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Indiana Lawmakers Consider GM-Supported ‘Kill Tesla’ Bill

Inside The 2016 North American International Auto Show (NAIAS)Inside The 2016 North American International Auto Show (NAIAS)
General Motors CEO Mary Barra arrives on stage driving a 2017 Chevrolet Bolt EV during a Chevrolet event at the 2016 North American International Auto Show in Detroit, Michigan on Monday, Jan. 11, 2016. Photograph by Bloomberg via Getty Images

State legislators in Indiana are weighing whether to pass legislation that’s been called the “Kill Tesla” bill.

The bill would give auto manufacturers that sell directly to their customers—namely, Tesla—30 months to find franchised dealers in the state instead, according to Bloomberg. It’s a bill that was lobbied for by General Motors (GM), which has begun to compete in the electric vehicle market with the Chevy Bolt.

GM argues that Tesla should follow the same rules as traditional car manufacturers, who use a dealer model. In a statement to Fortune, GM spokesman Chris Meagher wrote that “Tesla’s insistence of special status could result in multiple manufacturers competing with similarly capable vehicles and similar price points, yet operating under a different set of rules.” He pointed to Tesla’s operations in Virginia, where the company has agreed to work under the sort of dealership model Indiana might also require.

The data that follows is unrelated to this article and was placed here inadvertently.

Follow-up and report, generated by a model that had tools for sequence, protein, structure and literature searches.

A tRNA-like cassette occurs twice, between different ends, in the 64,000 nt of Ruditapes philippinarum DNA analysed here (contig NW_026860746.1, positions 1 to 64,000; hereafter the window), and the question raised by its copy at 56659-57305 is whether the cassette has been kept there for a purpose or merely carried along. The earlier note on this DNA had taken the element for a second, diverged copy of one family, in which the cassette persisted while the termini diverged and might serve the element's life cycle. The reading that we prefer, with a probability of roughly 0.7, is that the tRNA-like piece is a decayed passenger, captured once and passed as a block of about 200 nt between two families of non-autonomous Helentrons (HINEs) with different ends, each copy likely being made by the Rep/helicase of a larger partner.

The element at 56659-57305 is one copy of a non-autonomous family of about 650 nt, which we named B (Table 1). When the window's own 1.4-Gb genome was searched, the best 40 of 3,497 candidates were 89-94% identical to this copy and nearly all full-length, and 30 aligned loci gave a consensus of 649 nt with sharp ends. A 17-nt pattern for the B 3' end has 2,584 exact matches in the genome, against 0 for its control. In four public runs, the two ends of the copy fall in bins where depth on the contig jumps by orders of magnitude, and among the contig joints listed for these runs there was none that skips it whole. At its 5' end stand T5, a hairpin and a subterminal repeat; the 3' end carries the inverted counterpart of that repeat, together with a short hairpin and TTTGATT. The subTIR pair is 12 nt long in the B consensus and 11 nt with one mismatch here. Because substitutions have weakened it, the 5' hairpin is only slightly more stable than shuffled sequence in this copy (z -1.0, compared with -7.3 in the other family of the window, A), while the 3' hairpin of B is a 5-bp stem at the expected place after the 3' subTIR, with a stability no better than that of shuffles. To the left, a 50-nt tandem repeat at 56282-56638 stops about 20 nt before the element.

But Tesla, which holds a dealership license in Indiana, called GM’s advocacy for the bill merely “protectionist.” In a hearing last month, Bloomberg reported that Tesla’s vice president of business development Diarmuid O’Connell said, “General Motors made a decision in the early part of the last century about their business model. I see no reason why, under general free-market principles, Tesla shouldn’t have that same right.”

Indiana’s Senate Commerce and Technology Committee is meeting Thursday to hold a hearing, which Tesla has already encouraged its customers to attend.

Tesla’s faced similar battles before: In 2014, Michigan Gov. Rick Snyder signed a bill banning car companies from selling directly to customers, according to the Detroit News. The Federal Trade Commission wrote the state legislature a letter last May urging the lawmakers to reconsider, calling the law “protectionism.”

Fortune has reached out to Tesla for comment and will update this post with their reply.

This story has been updated to include comment from General Motors.

Update: In a statement following the hearing, Meagher wrote that GM is “very pleased” with the state legislature’s discussion of the bill.